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@c This is part of the Emacs manual.
@c Copyright (C) 1985, 1986, 1987, 1993, 1994, 1995, 2001, 2002, 2003,
@c   2004, 2005, 2006, 2007  Free Software Foundation, Inc.
@c See file emacs.texi for copying conditions.
@node Entering Emacs, Exiting, Text Characters, Top
@chapter Entering and Exiting Emacs
@cindex entering Emacs
@cindex starting Emacs

  The usual way to invoke Emacs is with the shell command
@command{emacs}.  Emacs clears the screen, then displays an initial
help message and copyright notice.  Some operating systems discard
your type-ahead when Emacs starts up; they give Emacs no way to
prevent this.  On those systems, wait for Emacs to clear the screen
before you start typing.

  From a shell window under the X Window System, run Emacs in the
background with @command{emacs&}.  This way, Emacs won't tie up the
shell window, so you can use it to run other shell commands while
Emacs is running.  You can type Emacs commands as soon as you direct
your keyboard input to an Emacs frame.

@vindex initial-major-mode
  When Emacs starts up, it creates a buffer named @samp{*scratch*}.
That's the buffer you start out in.  The @samp{*scratch*} buffer uses
Lisp Interaction mode; you can use it to type Lisp expressions and
evaluate them.  You can also ignore that capability and just write notes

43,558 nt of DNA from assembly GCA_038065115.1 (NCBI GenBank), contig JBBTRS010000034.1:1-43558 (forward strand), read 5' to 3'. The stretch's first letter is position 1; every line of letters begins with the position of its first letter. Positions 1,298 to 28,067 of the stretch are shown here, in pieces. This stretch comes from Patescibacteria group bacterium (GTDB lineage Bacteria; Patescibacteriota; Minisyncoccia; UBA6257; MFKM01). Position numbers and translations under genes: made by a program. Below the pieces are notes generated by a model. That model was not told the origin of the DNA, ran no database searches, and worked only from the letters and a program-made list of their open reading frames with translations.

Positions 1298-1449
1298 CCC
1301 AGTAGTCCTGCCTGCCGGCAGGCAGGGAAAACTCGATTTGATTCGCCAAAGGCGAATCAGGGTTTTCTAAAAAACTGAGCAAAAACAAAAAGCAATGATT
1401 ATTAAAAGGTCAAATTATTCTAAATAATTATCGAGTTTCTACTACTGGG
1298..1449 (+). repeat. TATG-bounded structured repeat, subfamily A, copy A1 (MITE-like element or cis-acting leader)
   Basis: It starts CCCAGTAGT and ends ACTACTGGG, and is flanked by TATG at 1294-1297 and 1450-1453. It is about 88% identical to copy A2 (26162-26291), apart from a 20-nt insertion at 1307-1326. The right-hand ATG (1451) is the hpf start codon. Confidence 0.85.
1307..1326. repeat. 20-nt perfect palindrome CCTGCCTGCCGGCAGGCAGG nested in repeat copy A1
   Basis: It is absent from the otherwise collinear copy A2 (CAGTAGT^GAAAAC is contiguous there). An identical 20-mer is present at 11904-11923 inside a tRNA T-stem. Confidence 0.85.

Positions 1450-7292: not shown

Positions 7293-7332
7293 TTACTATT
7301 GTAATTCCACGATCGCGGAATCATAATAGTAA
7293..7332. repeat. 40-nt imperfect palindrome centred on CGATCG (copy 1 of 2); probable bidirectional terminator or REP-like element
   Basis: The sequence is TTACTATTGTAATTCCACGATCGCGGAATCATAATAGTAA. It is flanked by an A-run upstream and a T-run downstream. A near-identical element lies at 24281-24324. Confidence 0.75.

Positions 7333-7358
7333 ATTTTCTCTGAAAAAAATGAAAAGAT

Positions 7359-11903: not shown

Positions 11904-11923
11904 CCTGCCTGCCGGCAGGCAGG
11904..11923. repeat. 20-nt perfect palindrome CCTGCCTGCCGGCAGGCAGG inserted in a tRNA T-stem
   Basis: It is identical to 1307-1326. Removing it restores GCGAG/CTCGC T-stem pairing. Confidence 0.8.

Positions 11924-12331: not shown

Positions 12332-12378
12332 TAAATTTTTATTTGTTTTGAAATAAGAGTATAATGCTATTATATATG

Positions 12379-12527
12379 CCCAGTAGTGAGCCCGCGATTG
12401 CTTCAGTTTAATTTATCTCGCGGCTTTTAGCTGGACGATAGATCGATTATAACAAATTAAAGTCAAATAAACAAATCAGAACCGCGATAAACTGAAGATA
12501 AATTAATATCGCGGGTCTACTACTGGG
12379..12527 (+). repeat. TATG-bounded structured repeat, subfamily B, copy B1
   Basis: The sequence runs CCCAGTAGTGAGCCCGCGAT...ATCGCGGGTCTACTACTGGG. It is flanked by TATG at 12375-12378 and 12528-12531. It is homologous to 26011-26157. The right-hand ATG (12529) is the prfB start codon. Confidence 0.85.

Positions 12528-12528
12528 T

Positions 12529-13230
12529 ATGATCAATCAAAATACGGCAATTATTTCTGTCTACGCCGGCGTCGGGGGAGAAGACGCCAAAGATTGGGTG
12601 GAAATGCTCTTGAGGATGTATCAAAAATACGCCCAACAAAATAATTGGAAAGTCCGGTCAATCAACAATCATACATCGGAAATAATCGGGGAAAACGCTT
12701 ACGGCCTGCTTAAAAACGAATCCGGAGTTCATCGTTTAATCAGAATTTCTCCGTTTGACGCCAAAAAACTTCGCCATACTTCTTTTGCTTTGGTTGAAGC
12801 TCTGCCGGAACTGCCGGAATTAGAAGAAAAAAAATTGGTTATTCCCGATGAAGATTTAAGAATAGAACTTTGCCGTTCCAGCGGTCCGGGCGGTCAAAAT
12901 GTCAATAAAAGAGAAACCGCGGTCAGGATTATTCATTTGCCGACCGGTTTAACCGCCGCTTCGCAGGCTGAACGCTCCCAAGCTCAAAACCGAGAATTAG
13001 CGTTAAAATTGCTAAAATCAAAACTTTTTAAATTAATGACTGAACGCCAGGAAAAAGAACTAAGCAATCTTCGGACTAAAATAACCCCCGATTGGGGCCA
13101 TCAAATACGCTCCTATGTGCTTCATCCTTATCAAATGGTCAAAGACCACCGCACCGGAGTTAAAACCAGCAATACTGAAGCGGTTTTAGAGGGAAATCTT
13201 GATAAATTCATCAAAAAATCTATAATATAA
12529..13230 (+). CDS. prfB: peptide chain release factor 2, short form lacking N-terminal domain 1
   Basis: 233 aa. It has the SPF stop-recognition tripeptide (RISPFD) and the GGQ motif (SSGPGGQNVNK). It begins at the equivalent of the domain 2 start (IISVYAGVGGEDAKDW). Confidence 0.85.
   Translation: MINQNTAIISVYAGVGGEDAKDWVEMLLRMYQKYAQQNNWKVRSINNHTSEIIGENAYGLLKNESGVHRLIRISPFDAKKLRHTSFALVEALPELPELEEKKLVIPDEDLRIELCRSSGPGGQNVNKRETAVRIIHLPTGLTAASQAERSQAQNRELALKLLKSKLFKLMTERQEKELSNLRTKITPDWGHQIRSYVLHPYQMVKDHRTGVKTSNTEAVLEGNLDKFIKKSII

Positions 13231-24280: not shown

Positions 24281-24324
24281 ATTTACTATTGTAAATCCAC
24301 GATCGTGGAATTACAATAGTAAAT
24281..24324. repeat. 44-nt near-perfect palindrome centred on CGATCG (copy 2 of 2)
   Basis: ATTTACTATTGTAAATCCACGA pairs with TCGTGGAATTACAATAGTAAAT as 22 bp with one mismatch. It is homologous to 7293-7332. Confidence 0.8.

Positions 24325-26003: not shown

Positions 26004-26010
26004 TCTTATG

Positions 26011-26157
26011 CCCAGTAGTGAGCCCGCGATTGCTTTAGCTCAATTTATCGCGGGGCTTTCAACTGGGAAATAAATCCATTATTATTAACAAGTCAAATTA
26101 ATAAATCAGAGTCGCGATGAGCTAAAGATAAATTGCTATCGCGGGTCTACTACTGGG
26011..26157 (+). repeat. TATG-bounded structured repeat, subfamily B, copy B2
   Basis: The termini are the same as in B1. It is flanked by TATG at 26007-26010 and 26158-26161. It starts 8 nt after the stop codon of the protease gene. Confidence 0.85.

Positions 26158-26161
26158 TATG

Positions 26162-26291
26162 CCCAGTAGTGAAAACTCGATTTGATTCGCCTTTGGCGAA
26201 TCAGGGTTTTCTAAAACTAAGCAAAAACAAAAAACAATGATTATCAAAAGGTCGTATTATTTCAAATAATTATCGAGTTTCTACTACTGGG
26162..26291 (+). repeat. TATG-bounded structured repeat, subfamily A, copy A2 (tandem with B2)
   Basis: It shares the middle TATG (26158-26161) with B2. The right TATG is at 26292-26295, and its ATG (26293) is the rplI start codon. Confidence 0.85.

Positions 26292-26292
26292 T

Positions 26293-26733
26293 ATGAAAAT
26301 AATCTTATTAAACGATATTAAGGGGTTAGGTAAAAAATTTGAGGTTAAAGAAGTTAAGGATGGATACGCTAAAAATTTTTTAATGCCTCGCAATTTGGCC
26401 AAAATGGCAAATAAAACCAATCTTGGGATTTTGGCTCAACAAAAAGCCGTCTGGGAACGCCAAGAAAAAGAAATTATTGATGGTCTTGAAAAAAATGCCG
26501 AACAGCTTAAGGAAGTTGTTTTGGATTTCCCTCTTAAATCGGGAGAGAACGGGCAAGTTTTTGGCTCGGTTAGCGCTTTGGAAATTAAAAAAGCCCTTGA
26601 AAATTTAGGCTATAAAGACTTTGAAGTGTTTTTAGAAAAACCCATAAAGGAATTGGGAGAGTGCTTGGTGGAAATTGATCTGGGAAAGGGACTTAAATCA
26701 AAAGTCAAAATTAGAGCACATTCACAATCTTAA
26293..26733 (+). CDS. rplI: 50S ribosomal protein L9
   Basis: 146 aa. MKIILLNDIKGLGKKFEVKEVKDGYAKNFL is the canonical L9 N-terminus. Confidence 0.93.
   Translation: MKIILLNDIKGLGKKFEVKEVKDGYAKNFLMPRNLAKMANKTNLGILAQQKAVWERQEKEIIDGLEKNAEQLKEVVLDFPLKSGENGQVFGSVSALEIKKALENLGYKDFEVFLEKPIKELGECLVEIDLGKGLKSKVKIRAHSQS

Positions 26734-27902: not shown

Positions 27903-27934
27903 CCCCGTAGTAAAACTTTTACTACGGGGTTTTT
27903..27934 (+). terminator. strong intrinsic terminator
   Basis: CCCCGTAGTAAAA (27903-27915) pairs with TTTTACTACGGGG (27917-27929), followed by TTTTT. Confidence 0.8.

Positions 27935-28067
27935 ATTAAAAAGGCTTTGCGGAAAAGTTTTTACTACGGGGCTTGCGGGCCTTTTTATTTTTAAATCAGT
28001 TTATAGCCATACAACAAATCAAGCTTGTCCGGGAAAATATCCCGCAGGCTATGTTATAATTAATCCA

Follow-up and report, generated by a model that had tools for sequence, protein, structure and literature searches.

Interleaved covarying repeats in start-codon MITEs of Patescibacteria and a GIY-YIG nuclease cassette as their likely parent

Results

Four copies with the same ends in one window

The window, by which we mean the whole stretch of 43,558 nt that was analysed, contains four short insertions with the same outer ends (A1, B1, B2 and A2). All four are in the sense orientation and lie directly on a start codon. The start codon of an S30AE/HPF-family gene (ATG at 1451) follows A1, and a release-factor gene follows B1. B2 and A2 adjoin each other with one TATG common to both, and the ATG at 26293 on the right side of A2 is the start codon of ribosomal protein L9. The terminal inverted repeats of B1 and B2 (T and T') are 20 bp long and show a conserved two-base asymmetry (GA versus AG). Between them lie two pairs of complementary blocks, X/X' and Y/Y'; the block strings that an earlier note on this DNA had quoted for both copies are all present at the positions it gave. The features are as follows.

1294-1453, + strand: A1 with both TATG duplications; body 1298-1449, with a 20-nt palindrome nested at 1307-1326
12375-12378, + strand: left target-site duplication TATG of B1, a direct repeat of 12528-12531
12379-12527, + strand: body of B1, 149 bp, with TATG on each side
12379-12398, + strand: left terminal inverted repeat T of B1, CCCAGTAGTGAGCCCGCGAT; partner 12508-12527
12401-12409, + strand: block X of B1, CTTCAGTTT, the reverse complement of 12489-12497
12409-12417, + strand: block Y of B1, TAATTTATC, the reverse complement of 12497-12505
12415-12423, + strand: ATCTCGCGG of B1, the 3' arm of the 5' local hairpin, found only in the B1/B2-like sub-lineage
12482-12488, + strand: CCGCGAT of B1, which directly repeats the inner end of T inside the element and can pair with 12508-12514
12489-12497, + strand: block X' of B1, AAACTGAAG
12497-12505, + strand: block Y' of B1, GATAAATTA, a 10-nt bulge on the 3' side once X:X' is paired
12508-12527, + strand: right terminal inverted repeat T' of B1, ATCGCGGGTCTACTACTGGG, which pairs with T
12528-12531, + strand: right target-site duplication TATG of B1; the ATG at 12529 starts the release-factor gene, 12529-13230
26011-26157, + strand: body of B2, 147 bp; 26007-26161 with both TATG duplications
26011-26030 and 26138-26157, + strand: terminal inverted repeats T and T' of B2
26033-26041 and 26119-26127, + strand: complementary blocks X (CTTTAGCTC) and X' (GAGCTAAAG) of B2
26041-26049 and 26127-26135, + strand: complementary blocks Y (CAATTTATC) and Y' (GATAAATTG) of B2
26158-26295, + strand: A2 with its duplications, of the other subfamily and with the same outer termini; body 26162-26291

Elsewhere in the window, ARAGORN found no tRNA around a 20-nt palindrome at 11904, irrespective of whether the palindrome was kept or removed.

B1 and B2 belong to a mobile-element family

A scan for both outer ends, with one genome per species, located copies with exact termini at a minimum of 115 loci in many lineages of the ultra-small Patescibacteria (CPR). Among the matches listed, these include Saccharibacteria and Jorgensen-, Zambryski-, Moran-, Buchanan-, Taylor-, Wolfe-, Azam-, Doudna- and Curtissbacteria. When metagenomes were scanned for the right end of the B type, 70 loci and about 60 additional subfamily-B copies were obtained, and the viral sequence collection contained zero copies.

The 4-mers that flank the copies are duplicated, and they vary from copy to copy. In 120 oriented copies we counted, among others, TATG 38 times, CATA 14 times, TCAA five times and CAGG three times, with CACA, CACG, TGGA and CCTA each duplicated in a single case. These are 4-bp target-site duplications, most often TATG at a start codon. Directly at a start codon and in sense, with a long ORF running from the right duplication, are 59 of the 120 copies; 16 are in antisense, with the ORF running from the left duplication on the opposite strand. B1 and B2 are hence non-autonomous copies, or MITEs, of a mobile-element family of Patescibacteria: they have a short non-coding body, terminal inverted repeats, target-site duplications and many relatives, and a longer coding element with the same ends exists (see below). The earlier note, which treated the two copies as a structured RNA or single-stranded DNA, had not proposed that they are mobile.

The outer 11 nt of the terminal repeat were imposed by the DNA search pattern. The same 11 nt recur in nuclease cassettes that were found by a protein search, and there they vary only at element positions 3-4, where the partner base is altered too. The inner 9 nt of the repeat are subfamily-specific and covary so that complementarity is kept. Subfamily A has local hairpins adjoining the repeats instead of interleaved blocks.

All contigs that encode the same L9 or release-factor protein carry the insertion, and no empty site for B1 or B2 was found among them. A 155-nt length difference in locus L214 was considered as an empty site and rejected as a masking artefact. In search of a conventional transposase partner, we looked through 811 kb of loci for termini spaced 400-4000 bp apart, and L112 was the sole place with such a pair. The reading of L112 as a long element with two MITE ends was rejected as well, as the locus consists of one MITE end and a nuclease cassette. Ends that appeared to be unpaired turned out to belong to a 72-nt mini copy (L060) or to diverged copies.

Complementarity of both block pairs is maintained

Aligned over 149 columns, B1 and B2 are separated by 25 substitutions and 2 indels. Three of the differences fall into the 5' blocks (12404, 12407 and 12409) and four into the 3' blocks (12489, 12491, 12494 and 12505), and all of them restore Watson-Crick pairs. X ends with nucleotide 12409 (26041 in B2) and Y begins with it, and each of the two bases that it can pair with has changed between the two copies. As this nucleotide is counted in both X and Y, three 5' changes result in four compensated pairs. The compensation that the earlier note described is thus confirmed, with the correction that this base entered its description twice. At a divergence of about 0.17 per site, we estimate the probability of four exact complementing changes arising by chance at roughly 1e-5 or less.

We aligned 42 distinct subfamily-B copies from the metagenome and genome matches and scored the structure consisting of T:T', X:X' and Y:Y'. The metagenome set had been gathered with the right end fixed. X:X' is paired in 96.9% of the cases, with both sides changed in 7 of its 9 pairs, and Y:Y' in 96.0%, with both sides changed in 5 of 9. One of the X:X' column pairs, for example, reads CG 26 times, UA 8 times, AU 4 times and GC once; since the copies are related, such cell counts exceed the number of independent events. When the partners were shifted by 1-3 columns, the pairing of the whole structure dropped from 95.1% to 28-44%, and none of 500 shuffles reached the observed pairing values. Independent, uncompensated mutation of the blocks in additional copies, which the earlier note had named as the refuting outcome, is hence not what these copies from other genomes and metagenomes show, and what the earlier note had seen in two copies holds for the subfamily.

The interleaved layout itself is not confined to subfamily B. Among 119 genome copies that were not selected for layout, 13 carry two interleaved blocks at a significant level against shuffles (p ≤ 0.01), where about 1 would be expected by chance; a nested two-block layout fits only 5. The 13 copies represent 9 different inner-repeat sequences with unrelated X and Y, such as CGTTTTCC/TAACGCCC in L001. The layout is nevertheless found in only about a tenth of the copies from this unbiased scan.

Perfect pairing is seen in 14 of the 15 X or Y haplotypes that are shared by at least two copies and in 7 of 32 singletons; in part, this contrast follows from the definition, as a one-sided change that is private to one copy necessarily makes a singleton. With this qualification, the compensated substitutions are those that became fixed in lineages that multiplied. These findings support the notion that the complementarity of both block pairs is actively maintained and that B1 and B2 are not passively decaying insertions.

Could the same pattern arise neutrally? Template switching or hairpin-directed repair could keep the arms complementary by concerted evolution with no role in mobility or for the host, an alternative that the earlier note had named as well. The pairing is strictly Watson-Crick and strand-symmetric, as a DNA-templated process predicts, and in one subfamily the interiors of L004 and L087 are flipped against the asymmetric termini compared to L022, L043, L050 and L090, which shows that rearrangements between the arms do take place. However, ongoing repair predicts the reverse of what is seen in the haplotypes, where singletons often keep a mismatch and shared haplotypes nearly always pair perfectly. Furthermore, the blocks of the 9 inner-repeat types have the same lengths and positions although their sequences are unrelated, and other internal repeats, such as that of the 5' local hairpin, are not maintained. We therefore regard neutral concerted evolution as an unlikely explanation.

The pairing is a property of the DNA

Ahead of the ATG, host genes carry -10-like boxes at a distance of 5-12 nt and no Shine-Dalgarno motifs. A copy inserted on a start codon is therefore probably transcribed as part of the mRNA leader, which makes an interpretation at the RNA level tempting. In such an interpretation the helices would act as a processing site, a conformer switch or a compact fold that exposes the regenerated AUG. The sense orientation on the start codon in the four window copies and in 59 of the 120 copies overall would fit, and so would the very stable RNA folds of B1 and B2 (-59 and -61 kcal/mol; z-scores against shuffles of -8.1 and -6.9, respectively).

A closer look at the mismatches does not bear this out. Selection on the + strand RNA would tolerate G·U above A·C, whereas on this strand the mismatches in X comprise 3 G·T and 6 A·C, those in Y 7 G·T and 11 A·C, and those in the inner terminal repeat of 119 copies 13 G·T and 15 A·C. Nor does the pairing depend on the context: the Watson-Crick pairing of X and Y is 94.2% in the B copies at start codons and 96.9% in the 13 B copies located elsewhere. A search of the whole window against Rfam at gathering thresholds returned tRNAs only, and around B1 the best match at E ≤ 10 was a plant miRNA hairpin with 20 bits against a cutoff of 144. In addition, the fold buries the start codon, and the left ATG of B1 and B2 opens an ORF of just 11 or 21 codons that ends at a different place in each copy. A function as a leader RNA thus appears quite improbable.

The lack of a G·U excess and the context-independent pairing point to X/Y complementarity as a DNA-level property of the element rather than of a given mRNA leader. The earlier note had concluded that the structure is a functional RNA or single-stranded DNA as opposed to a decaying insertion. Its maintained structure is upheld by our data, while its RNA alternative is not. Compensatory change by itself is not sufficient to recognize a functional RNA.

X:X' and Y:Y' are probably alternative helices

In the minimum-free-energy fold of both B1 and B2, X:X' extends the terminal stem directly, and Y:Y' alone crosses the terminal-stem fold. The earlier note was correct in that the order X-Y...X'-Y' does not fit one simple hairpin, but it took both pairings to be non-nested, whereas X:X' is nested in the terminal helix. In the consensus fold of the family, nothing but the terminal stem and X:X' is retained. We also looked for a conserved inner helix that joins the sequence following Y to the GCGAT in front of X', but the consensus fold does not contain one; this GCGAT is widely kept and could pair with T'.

there.  You can specify a different major mode for this buffer by
setting the variable @code{initial-major-mode} in your init file.
@xref{Init File}.

  It is possible to specify files to be visited, Lisp files to be
loaded, and functions to be called through Emacs command-line
arguments.  @xref{Emacs Invocation}.  The feature exists mainly for
compatibility with other editors, and for scripts.

  Many editors are designed to edit one file.  When done with that
file, you exit the editor.  The next time you want to edit a file, you
must start the editor again.  Working this way, it is convenient to
use a command-line argument to say which file to edit.

  However, killing Emacs after editing one each and starting it afresh
for the next file is both unnecessary and harmful, since it denies you
the full power of Emacs.  Emacs can visit more than one file in a
single editing session, and that is the right way to use it.  Exiting
the Emacs session loses valuable accumulated context, such as the kill
ring, registers, undo history, and mark ring.  These features are
useful for operating on multiple files, or even continuing to edit one
file.  If you kill Emacs after each file, you don't take advantage of
them.

  The recommended way to use GNU Emacs is to start it only once, just
after you log in, and do all your editing in the same Emacs session.
Each time you edit a file, you visit it with the existing Emacs, which
eventually has many files in it ready for editing.  Usually you do not
kill Emacs until you are about to log out.  @xref{Files}, for more
information on visiting more than one file.

  To edit a file from another program while Emacs is running, you can
use the @command{emacsclient} helper program to open a file in the
already running Emacs.  @xref{Emacs Server}.

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@node Exiting, Basic, Entering Emacs, Top
@section Exiting Emacs
@cindex exiting
@cindex killing Emacs
@cindex suspending
@cindex leaving Emacs
@cindex quitting Emacs

  There are two commands for exiting Emacs, and three kinds of
exiting: @dfn{iconifying} Emacs, @dfn{suspending} Emacs, and
@dfn{killing} Emacs.

  @dfn{Iconifying} means replacing the Emacs frame with a small box or
``icon'' on the screen.  This is the usual way to exit Emacs when
you're using a graphical display---if you bother to ``exit'' at all.
(Just switching to another application is usually sufficient.)

  @dfn{Suspending} means stopping Emacs temporarily and returning